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April 07, 1992 - Image 3

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Publication:
The Michigan Daily, 1992-04-07

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The Michigan Daily - Tuesday, April 7, 1992 - Page 3

supreme
Court says
-gov't 'sting'
was illegal
WASHINGTON (AP) - The
Supreme Court yesterday limited
some undercover "sting" operations
when it ruled that a Nebraska farmer
was entrapped by postal agents who
coaxed him for two years to buy
mail-order child pornography.
By a 5-4 vote, the justices said
the farmer lacked predisposition to
commit a crime and only purchased
the contraband material after the pro-
longed solicitation of the
government.
The ruling is a defeat for law en-
forcement officials and a surprise
from an increasingly conservative
*court.
The court's four dissenters said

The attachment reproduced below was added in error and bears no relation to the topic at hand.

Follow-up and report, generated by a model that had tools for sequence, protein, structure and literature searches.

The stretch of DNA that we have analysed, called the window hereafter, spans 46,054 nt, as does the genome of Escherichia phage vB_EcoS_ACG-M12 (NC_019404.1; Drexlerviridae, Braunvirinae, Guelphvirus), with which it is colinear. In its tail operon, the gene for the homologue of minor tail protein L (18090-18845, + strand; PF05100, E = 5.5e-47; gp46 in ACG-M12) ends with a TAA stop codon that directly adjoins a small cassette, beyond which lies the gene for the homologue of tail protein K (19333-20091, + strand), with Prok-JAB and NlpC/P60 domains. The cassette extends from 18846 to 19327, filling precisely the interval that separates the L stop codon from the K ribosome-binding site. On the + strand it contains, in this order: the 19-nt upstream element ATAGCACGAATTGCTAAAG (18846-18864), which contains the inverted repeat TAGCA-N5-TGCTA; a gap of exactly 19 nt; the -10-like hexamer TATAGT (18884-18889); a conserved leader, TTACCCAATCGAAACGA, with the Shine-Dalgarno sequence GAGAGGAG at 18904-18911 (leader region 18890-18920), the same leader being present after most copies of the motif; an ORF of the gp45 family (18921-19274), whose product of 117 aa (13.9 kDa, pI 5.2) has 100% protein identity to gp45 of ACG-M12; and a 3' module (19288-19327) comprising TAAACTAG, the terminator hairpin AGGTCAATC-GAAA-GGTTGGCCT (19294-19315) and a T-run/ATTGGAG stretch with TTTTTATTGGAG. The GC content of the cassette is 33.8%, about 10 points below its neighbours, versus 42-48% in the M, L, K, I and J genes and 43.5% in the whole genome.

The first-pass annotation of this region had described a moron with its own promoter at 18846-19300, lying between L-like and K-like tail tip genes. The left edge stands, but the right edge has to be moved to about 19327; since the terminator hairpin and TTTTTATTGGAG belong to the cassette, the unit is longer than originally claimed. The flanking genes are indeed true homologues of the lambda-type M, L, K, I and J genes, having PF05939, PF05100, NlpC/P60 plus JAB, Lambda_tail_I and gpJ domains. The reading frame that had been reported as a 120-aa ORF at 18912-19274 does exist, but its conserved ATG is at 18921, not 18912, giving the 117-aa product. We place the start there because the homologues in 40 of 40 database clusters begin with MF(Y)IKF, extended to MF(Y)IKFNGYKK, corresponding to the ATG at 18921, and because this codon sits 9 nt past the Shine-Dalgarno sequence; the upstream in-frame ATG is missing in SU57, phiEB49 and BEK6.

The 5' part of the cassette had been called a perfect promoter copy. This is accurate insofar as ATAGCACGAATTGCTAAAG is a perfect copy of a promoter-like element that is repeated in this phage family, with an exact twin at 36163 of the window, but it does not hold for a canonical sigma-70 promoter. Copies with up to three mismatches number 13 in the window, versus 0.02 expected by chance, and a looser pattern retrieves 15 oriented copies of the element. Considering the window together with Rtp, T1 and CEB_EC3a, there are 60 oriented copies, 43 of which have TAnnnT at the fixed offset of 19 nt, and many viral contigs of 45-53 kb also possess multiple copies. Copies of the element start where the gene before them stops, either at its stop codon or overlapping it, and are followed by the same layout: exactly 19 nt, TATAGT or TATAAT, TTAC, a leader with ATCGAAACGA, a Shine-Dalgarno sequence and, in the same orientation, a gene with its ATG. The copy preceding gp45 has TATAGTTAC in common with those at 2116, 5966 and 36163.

the decision is a major departure that
could hobble investigators. The ma-
jority said the ruling represents no
change from standards that have let
the government conduct sweeping
undercover investigations into polit-
ical corruption, drug dealing and
fencing of stolen goods.
"There are good guidelines here
that will protect some people who
need protection," said Paul Marcus,
a law professor at the College of
William & Mary. "You can't pursue
someone so relentlessly."
Assistant Attorney General
Robert S. Mueller III said the court's
decision was "generally limited" to
the particulars of the Nebraska case.
The case stems from the investi-
gation of Keith Jacobson, 61, of
Newman Grove, Neb.
Police found Jacobson's name on
a San Diego, Calif., pornography
bookstore's mailing list in 1984. He
had ordered two nudist magazines
from the store that were legal to
purchase.
Postal inspectors continuously
solicited Jacobson through the mail
to buy illegal pornography.
Investigators said he voluntarily re-